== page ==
Eye on Palestine: The Nakba
The Nakba: A crime watched, ignored and remembered
Author Ilan Pappe, professor of History and director of the European Centre for Palestine Studies at the University of Exeter, recounts the true history of the Nakba, an ethnic cleansing that carries on until this date. He describes the “intentional blindness” of the international community and how he is “preoccupied with the continued apathy and indifference of the Western political elite and media to the plight of the Palestine.ians”.”Even the horror of the Yarmuk camp did not associate in the minds of politicians and journalists alike the possible connection between saving the refugees there and their internationally recognised right of return to their homeland”. Read more
The architecture of violence
Eyal Weizman explains architecture’s key role in the Israeli occupation of Palestine and the evolution of urban warfare. On a journey across the settlements and roads of the West Bank and along the Separation Wall, Israeli architect Eyal Weizman demonstrates how architecture is central to the Israeli occupation of Palestine.
“Architecture and the built environment is a kind of a slow violence. The occupation is an environment that was conceived to strangulate Palestinian communities, villages and towns, to create an environment that would be unliveable for the people there,” says Weizman.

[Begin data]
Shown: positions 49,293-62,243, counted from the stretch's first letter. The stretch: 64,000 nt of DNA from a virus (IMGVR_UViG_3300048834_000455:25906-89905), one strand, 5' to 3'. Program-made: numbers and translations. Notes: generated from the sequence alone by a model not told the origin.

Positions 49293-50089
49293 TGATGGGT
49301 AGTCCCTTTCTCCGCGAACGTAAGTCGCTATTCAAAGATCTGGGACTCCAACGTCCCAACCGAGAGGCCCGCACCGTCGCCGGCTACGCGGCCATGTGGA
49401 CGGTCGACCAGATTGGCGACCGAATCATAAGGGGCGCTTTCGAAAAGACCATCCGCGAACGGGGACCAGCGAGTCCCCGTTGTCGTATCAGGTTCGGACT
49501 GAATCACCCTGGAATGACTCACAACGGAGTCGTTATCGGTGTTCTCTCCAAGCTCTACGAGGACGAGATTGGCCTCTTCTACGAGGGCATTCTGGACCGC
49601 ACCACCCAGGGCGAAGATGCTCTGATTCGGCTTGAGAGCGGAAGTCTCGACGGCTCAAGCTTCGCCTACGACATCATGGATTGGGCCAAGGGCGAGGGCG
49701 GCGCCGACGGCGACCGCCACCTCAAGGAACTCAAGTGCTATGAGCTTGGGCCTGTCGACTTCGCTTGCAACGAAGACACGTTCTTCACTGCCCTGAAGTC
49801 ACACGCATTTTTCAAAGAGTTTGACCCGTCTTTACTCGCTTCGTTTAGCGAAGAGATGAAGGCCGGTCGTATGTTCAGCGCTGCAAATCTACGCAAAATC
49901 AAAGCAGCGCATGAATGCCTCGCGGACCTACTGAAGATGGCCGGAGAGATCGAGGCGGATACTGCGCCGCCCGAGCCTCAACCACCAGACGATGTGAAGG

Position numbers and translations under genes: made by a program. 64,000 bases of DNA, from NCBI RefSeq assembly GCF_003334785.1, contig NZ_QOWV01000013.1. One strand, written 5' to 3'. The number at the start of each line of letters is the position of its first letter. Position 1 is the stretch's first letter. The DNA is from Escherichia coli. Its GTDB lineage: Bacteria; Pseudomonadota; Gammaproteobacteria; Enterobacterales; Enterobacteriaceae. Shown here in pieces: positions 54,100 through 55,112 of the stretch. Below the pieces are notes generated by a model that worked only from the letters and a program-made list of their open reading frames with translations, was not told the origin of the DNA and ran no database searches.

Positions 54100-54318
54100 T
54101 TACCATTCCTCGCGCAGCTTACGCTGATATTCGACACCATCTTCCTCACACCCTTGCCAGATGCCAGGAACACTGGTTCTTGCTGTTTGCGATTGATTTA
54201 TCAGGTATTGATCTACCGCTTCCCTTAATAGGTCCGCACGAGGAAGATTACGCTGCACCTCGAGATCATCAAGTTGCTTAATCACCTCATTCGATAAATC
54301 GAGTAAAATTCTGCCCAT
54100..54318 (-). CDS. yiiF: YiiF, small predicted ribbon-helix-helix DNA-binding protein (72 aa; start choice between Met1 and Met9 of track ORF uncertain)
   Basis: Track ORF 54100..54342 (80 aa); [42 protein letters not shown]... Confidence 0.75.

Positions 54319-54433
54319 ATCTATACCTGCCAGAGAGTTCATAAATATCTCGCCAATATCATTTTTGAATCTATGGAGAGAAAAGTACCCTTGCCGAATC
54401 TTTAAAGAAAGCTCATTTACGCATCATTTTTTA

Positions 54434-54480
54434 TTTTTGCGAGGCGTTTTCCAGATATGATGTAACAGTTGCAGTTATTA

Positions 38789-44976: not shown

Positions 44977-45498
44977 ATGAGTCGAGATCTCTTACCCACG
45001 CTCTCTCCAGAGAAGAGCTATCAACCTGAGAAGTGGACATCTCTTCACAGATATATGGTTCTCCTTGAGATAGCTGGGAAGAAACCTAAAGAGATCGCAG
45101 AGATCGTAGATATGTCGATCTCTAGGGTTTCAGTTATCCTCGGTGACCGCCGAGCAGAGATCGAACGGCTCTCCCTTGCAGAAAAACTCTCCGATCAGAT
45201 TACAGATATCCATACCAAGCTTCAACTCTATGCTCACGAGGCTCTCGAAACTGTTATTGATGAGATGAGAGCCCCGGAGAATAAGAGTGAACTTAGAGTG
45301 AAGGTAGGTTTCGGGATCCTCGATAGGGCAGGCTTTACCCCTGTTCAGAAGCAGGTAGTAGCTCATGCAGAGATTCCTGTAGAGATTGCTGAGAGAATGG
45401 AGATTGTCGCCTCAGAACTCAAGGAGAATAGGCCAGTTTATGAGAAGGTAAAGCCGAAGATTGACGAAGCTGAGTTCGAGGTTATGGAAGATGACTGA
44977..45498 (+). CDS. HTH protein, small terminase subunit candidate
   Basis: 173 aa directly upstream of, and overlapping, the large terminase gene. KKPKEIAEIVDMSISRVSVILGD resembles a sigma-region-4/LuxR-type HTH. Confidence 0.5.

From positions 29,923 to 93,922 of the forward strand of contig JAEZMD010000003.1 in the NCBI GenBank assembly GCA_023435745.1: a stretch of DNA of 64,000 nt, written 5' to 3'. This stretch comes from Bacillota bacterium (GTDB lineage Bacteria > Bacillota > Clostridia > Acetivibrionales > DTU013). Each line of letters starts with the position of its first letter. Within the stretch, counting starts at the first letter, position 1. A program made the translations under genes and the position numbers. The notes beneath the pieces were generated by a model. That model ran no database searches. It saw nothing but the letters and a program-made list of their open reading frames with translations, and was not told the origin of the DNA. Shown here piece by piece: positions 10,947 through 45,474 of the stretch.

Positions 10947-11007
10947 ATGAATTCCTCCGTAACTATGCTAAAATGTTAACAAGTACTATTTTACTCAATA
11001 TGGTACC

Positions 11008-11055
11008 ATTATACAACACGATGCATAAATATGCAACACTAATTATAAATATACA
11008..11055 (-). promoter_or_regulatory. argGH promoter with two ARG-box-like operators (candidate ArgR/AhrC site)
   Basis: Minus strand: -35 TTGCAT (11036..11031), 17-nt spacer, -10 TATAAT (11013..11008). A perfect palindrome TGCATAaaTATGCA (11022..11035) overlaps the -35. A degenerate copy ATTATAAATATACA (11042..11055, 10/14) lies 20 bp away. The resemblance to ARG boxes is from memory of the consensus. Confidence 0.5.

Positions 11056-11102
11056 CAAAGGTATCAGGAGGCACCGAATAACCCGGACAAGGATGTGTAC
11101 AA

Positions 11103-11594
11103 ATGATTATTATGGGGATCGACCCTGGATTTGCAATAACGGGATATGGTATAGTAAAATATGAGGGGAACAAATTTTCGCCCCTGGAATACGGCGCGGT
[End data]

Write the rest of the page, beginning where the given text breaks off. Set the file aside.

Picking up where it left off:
Local Israelis and Palestinians explain how it feels to live in a landscape where everything, from walls and roads, terraces and sewage, to settlements and surveillance are designed to ensure the separation of the two peoples, while simultaneously maintaining control. Read more
Vatican officially recognizes State of Palestine
The Vatican has officially recognized Palestine in a new treaty that switches the Holy See’s diplomatic relations from the Palestine Liberation Organization to the state of Palestine.
NPR’s Sylvia Poggioli tells our Newscast unit the document still has to be signed.
The Vatican, in a statement , said the agreement had been concluded and will be “submitted to the respective authorities for approval ahead of setting a date in the near future for the signing.”
“Yes, it’s a recognition that the state exists,” said the Rev. Federico Lombardi, the Vatican spokesman. Read more